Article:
PNG has lost a ‘vibrant and visionary’ leader, says grand chief Sir Bob

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Deputy Prime Minister Sam Basil's funeral cortege
Deputy Prime Minister Sam Basil's funeral cortege travelling to Lae. Image: Post-Courier screenshot APR

PNG Post-Courier

Governor-General Grand Chief Sir Bob Dadae has described Papua New Guinea’s late Deputy Prime Minister Sam Basil as a vibrant and visionary leader who was passionate about his people and the electorate.

He said Basil loved and dedicated his life to the people of Bulolo until his unexpected death in a tragic vehicle accident which had left the nation in shock, disbelief and agony.

“Throughout his entire political career, he committed himself to serving his people, residing and dining with them throughout the length and breadth of the huge and difficult electorate he represented,” Sir Bob said.

“I recall when the late Basil first entered politics in 2007, he was empowered with excitement, enthusiasm and unrelenting self-belief, hope and purpose to lead his people.

“It was not the kind of excitement that comes from inconceivable expectation, the kind that fades into despair and hopelessness before too long.

“Rather, his vision and passion for his people were relentless. From the very beginning, he lived among his people and was dedicated to their service to bring about much needed development and often provided personal assistance when faced with public funding issues.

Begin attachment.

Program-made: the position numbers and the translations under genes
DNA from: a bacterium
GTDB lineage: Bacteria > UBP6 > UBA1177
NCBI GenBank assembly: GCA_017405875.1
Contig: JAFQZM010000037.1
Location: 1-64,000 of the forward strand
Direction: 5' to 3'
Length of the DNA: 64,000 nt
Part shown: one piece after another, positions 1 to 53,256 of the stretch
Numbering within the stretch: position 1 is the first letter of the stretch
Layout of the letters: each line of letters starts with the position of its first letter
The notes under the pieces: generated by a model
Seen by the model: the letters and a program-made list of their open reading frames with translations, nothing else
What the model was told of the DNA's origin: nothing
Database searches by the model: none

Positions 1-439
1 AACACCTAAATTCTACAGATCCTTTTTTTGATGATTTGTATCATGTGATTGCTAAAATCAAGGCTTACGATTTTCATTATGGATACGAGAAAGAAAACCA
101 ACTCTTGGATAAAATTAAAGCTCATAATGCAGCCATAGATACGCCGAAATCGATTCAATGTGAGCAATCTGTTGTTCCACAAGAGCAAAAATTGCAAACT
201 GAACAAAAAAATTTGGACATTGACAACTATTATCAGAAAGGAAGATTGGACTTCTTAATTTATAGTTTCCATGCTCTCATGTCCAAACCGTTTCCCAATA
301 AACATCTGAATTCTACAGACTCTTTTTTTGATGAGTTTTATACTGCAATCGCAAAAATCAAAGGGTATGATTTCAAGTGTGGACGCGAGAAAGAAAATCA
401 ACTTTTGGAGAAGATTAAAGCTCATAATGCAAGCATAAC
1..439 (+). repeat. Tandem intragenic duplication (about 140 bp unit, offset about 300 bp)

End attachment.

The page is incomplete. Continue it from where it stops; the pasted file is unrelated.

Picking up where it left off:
“He was well loved, no doubt. We only have to look back at the last couple of days at the outpouring of grief and despair for a man, a leader who was well liked and admired, not just by his people, but throughout our country.

‘Lost a great son’
“Indeed, our nation has lost a great son.”

His style of leadership had demonstrated that development and service delivery was possible and could happen, even in the most remote of locations if leaders went down to the level of their people, listened and produced tangible results.

Sir Bob said the late Basil spoke his mind on matters, was practical and walked the talk.

“Basil was not one to shy away or back down when challenged and was not afraid to speak his mind on issues he felt strongly about and that is the kind of leadership we need in this country,” he said.

“At this juncture, I take this time to also pay tribute to the late First Constable Neil Maino who also lost his life in the tragic accident.”

First Constable Maino died on the job that he had vowed to do as a close protection officer of the Royal Papua New Guinea Constabulary, and to our Deputy Prime Minister. First Constable Maino served faithfully until he died.

“We mourn the loss of two distinct men — one an outstanding leader and servant for the people, the other a faithful CPO right to the end.”

Republished with permission.

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